6."The husband and wife seemed perfectly normal when they moved in. A few months later, the police raided the place. Turns out, they were white supremacists and members of the KKK. They spray-painted swastikas and racial slurs all over the walls."
7."A tenant burned down our rental house. He fell asleep and dropped a cigarette onto an alcohol-soaked carpet. The house went up like the best bonfire ever built."
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"Then he called us to get his security deposit back because he said that since we had been reimbursed by our insurance company, he should be reimbursed by us! He literally burned it to the foundation. A beautiful 1920s two-story lake cabin, and he wanted his security deposit back!!!"
8."We had a very religious woman stay for a couple of years. Once she vacated, my mom and I went to check the place, and I was amused to see the random Bible quotes printed out on papers and stuck all over. Like behind the main door, by the window, on every wall, etc."
"I spent the next hour ripping off and scraping off the paper from various places."
9."My parents had to rent out our newly built home when my dad was transferred overseas for a while. The home had only been a few years old when we left, but when we moved back in 10 years later, the hardwood floors looked a hundred years old."
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"The floors were rough and really, really worn down with deep grooves. We couldn't figure it out until we found several pairs of roller blades stashed in a closet. Apparently, they would let their children skate around, and the whole second level of the home was used like a roller rink. They also used to hunt with crossbows, which we learned when we opened up the crawl space and found six lifelike deer mannequins riddled with arrows. It was the scariest thing I'd ever seen when our flashlight lit it up. For a moment, we thought we had found a pile of rotting deer carcasses."
10."I'm not a landlord myself, but I know a couple who used their inheritance to buy a house in Southern California and rent it out. The tenant stopped paying rent around six months before COVID, and these landlords, who had been trying to be understanding and give her time if she needed it, were starting to consider evicting her."
"Then COVID and the eviction moratorium hit. This woman has not paid rent in over two years. The homeowners can’t even get mortgage pauses or anything on their end because in order for the government to help the landlords out, there needs to be evidence that the tenant suffered a COVID hardship. But the tenant can’t fill out that paperwork because she didn’t; the tenant has had the same income this whole time. So she has lived completely rent-free for no reason for over two years, while the landlords are hemorrhaging money and unable to get help from the government. And on top of all that, she’s letting the pot farm next door use huge amounts of water and electricity on these homeowners’ dime!"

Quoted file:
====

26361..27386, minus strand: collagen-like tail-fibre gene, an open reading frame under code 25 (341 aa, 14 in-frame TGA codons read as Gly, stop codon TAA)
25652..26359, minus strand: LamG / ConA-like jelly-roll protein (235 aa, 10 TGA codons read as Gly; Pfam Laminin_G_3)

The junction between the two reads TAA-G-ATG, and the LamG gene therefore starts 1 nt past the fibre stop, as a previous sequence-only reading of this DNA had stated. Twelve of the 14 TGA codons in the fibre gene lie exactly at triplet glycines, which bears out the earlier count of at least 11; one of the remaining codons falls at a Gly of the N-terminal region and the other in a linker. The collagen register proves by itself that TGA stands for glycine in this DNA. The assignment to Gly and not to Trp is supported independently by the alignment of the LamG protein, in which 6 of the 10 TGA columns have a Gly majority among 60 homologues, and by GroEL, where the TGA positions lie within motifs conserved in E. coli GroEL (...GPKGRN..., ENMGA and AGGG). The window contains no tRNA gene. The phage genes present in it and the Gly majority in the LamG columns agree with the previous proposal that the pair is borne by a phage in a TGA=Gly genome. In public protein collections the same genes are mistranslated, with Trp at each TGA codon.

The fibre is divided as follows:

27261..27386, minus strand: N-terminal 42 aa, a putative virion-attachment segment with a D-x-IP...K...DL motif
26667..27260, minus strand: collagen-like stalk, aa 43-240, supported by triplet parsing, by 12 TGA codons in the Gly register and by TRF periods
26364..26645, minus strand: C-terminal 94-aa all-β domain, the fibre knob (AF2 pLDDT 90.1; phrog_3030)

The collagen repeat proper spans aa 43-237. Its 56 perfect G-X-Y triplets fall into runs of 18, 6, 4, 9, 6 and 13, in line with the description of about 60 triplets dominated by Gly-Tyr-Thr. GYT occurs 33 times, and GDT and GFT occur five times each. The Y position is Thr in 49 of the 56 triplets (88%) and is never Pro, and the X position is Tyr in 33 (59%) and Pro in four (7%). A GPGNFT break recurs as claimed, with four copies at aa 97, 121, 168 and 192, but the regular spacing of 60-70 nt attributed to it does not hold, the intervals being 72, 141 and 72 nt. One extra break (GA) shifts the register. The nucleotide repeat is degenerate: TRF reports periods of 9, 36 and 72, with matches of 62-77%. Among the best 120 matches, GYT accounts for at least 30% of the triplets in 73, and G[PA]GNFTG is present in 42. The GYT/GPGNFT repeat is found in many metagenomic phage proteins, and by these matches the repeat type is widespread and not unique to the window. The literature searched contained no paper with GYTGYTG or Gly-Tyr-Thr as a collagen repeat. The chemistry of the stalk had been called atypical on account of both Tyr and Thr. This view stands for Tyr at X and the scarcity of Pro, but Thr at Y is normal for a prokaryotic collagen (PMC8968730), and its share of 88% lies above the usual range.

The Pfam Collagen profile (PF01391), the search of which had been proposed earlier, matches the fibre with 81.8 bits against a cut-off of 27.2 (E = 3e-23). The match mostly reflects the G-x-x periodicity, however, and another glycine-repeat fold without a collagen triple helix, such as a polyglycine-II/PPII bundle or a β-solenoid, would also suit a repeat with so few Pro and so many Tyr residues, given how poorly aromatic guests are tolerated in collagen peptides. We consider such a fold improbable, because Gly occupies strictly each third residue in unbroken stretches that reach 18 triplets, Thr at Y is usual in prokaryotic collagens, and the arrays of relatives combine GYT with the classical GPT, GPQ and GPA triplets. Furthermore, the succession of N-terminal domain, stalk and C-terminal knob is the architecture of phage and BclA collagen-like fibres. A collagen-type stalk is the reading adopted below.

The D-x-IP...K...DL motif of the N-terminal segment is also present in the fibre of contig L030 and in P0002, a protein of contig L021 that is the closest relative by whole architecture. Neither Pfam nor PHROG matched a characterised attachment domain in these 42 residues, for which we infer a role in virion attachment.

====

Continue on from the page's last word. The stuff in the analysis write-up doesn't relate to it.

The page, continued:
11."I had a nice older couple apply for my apartment. Apparently, at the place they currently lived, another tenant was cooking meth all day long, thus making her sick, and nothing was done about it."
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"I was happy to get her out of that situation. Not even a week after moving in, she let me know that the other tenants in my building were cooking meth as well. She could feel it. She'd wake up in the middle of the night with her mouth burning. Prior to this, we'd NEVER had any concerns about drug usage, as we manage our buildings well, and the other long-term tenants were great. This continued on for months. She'd accuse them of making meth, confront them, and wake up in the middle of the night, blowing a whistle to try and stop the tenants from cooking these alleged drugs. It got to the point where I let her know that she needs to call the police if she believes someone is making drugs, and other than that I'm happy to let her out of her lease early. Utter nightmare."
12."The daughter of my grandpa's former tenant kept coming to the property and breaking into the locked pool gate to throw parties at night with random friends — even while my family tried to sell the property after my grandfather passed away unexpectedly. It confirmed my dad's desire to never ever ever become a landlord."
13.Lastly, "As much as I love animals, I have a pretty strict no long-term pet policy for a variety of reasons. Unfortunately, one of my tenants thought it didn't apply to him, and he got a cat. His other roommates never saw it because he kept the poor thing locked in his room all day."
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"When he moved out, I had to hire a specialist cleaner (like the folks who clean crime scenes) after my normal crew refused to go into the room because of the smell and what can only be described as 'mystery substances' smeared on the walls. It looked as though he hadn't provided a litter box for his cat, and the room was carpeted. The carpet was soaked in urine, and I had to rip it out completely, clean the cement subfloor, and replace a good bit of drywall that had been damaged. All in all, it took about three months to get the smell out and for it to be clean and livable to rent again. That poor, poor cat. I hope it ran away and found a better home with someone who will take care of it."
Landlords, what are your best tips for managing rentals and working with tenants? Share them below!
And while you're at it, check out some of our other personal finance posts.